3. Of course, there is more than one way to do this in Blender. Pressing the G-key (or R or S), then beginning a transformation and clicking the MMB will constrain the object's transformation along whichever axis you have begun the motion. Clicking the MMB again while still in transformation mode removes the constraint, giving you complete freedom of movement again. There is one further way to limit transformation with these hotkeys, and that is to press the axis key (X, Y or Z) not once, but twice. The second key press causes the object to use what is called the "alternative transformation space". Which alternative space is used is defined in the header of the 3D Window, and can also be set by the Alt-Spacebar hotkey. Image:Dummy.png Figure OMD.14: The Alternative Transformation Space menu on the 3D header. In the case of a rotated cube, transforming the cube with the G-key followed by the Z-key will move it directly upwards in the scene. However, with the alternative transformation space set to "Local", a second press on the Z-key will move the cube vertically in relation to its current orientation. Figure OMD.15: A cube is shown moving away from the origin, constrained in both Global and Local spaces. Tip: Pressing one of the axis constraints (X, Y, Z-key) twice during transformation constrains the transform to each axis in the alternative transformation space, which is local space by default. Transformation Center When rotating or scaling objects, Blender, by default, causes the rotation or resizing to occur relative to the object's center. Pressing the R-key on a cube, then moving the mouse will cause the cube to rotate in place, around its own center. But what if you want to use a different center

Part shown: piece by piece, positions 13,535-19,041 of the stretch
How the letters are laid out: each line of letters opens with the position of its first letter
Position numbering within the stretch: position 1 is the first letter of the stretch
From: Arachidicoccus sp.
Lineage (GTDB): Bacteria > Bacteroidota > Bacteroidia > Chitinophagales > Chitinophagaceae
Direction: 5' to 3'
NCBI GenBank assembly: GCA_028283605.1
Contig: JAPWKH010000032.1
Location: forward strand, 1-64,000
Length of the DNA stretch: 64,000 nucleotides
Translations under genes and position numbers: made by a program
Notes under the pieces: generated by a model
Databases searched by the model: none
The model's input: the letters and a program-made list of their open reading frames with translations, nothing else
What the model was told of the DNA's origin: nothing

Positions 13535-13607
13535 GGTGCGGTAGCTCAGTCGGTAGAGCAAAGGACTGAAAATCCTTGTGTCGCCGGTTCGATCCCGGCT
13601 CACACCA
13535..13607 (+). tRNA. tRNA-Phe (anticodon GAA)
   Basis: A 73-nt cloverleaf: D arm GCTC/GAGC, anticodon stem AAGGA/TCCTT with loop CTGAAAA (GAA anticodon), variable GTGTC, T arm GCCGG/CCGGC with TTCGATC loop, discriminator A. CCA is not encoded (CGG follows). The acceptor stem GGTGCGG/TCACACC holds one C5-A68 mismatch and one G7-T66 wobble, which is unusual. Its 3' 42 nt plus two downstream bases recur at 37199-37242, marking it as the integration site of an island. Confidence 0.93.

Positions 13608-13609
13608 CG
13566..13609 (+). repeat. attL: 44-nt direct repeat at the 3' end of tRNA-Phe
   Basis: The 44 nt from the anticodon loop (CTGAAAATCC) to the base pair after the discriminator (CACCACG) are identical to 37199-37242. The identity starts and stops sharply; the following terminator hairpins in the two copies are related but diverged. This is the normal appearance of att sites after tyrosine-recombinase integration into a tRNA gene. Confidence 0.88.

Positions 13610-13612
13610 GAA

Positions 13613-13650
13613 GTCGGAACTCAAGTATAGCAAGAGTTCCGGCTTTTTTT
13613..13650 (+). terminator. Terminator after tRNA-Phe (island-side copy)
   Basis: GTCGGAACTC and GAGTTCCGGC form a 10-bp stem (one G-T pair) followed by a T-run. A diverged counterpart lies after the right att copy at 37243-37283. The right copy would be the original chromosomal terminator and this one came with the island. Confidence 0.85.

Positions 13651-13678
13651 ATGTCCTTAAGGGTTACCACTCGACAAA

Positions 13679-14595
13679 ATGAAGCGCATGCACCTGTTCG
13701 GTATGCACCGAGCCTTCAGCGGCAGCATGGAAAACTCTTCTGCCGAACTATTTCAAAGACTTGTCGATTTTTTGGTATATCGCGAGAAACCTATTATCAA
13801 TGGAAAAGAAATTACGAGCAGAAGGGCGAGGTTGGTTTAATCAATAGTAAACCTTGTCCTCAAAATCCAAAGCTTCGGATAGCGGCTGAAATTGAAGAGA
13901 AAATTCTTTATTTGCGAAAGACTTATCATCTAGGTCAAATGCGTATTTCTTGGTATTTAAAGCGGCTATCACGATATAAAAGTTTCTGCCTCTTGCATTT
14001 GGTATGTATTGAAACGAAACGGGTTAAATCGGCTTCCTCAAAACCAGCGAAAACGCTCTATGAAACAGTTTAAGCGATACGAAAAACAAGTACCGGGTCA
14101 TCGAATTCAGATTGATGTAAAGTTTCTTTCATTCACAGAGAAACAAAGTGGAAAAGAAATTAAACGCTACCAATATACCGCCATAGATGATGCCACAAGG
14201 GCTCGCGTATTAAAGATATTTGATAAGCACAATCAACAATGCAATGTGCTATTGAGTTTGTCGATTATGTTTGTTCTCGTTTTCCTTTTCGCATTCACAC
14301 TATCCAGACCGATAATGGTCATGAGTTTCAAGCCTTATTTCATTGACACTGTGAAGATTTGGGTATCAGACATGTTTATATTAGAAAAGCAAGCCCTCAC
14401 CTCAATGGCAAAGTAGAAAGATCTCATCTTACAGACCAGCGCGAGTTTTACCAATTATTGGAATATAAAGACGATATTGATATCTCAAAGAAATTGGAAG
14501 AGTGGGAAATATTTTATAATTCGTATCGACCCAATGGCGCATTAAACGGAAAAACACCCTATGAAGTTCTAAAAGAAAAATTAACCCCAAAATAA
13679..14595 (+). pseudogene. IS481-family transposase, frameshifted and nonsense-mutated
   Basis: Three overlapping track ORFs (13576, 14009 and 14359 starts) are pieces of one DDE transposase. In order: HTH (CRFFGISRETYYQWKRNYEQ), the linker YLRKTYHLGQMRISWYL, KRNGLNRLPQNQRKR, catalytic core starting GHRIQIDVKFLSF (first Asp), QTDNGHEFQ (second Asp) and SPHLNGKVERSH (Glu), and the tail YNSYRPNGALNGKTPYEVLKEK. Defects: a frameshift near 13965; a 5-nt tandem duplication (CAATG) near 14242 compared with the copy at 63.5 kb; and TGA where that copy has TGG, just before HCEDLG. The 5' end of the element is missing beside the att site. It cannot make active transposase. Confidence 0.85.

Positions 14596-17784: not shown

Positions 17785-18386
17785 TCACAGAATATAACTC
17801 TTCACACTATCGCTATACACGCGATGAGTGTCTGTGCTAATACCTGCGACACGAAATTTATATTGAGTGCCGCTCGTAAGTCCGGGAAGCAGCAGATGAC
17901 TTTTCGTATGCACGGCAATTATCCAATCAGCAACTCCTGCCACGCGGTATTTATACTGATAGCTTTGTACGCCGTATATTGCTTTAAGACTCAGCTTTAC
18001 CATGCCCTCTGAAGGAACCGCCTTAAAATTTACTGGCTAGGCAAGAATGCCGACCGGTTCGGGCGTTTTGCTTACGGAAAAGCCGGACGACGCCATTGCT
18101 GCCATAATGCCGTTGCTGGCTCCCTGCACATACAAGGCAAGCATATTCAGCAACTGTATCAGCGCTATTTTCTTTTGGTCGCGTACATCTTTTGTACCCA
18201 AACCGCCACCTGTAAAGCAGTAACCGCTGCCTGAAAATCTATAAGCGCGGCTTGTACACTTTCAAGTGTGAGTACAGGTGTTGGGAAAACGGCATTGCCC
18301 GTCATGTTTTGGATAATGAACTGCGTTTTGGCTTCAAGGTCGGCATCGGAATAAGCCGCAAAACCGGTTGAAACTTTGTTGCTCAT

4. point for rotation or scaling? Blender can be set to use several different methods for determining what to use as an object's transformation center, all accessible in the "Rotation/Scaling Pivot" menu in the 3D view header. Figure OMD.15.1: The Pivot Point menu on the 3D header. Although each option in this menu is useful under certain circumstances, the two most commonly-used are "Bounding Box Center" (the default), and "3D Cursor". In fact, each of these options has a hotkey attached to it: Comma-key (",") for Bounding Box Center, and Period-key (".") for 3D Cursor. It is not unusual to see an experienced modeler or animator rapidly switching between these two modes when making transformations.
  5. Figure OMD.15.2: Two cubes, the left rotating around its Bounding Box Center, the right rotating around the 3D cursor. The "Bounding Box" referred to above is just the outer limits of an object.
  6. Figure OMD.16: Several objects with their bounding boxes showing. Note how the cube's bounding box is just itself. Of course, you already know how to set the location of the 3D Cursor (LMB). A word of warning when using the 3D Cursor as the pivot point for a rotation or scale transformation: make sure you set the 3D Cursor from two different views (like front and top). If you set it in front view alone, it will only set the 3D Cursor's x and z coordinates, leaving its y coordinate unaltered. If that y coordinate is drastically offset from the object you are transforming, it can lead to unexpected (read: bad) results. Tip: Change the rotation and scaling pivot point through the menu on the 3D header, or with the hotkeys Comma (for Bounding Box Center) and Period (for 3D Cursor). Transform Manipulators In many cases, using the G/S/R hotkeys for transformation can be the most efficient method. However, it is not for everyone, and Blender provides tools that can accommodate many different working styles.